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Put the Fun Back in Dysfunctional

Thanksgiving decorations.
There’s one in every family.
In my family, I’m pretty sure I’m it.
The eccentric aunt whose major contribution to any family gathering is Scotcheroos and a wildly active imagination that sets kids and canines alike off on something akin to an out of control sugar high.  Admittedly, it could come from the consumption of said Scotcheroos and scandalously unconventional ideas.
Bringing Bob into the fold has tempered this reputation a bit. Besides giving my nieces and nephew license to say “Bob’s Your Uncle” and run with it, he’s also brought his card sharkiness to the table, rivaling my maternal grandmother and striking fear in my father, my mother, and even my brother.
My devotion to the dogs has doubled as our pack has grown from just one or two to a whole slew. Our new puppy Ruby is beside herself when she gets to meet all of her canine cousins. Well, that, and the smell of so much food.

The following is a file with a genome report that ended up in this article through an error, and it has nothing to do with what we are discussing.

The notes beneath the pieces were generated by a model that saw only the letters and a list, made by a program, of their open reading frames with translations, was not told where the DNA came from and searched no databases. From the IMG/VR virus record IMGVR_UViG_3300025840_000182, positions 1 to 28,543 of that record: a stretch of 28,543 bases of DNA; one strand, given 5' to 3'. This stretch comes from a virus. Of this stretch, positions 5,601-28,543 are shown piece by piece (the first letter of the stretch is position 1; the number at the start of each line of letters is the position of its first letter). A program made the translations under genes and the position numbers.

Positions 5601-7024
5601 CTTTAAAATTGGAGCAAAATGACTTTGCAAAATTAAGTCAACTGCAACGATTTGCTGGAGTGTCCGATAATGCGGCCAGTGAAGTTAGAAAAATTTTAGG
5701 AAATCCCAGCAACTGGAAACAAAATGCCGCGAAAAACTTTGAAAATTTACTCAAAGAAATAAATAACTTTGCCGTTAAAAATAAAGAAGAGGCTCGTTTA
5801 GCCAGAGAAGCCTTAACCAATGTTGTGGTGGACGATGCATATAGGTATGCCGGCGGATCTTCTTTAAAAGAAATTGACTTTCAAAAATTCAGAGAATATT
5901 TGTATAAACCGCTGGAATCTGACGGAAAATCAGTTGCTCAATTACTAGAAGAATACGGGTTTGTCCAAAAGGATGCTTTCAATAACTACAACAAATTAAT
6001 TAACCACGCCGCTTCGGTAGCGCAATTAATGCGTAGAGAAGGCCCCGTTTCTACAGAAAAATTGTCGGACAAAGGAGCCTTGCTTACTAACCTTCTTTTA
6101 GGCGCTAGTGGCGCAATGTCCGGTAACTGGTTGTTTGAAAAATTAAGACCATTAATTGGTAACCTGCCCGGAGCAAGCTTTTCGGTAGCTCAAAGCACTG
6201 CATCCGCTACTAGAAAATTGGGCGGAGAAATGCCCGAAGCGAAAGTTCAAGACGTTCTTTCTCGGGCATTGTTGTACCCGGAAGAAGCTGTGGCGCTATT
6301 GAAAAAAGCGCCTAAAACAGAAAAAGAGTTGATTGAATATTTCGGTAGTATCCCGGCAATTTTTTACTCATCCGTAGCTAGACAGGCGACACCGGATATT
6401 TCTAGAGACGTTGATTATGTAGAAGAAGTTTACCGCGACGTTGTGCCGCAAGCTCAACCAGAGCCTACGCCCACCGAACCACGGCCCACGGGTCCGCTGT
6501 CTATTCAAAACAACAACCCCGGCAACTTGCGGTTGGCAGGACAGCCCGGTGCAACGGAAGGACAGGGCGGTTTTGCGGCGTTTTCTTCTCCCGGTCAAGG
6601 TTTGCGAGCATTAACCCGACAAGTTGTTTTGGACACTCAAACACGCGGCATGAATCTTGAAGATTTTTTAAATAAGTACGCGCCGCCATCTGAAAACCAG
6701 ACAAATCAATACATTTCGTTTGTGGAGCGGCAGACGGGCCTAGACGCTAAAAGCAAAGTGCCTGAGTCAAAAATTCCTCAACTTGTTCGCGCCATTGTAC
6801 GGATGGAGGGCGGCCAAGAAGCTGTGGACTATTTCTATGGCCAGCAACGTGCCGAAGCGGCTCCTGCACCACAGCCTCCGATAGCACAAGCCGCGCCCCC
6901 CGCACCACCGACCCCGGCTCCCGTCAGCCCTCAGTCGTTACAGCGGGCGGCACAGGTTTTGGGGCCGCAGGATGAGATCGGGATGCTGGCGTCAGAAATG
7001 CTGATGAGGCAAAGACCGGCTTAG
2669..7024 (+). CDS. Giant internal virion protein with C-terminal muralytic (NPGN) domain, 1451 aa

No doubt about it. Holidays can be harried. With family gatherings there are so many competing expectations and roles we unconsciously slip into. No matter how functional the front we show the outside world may appear, we all know our families are a wee bit dysfunctional.
So, in keeping with my Here to the New Year in Good Cheer challenge, let’s put the fun back in dysfunctional.
Instead of getting yourself all worked up about things that are out of your control, shake it off. That’s right. Let it go. Ignore it and repeat, “This, too, shall pass.”
Because here’s the thing. It’s Thanksgiving!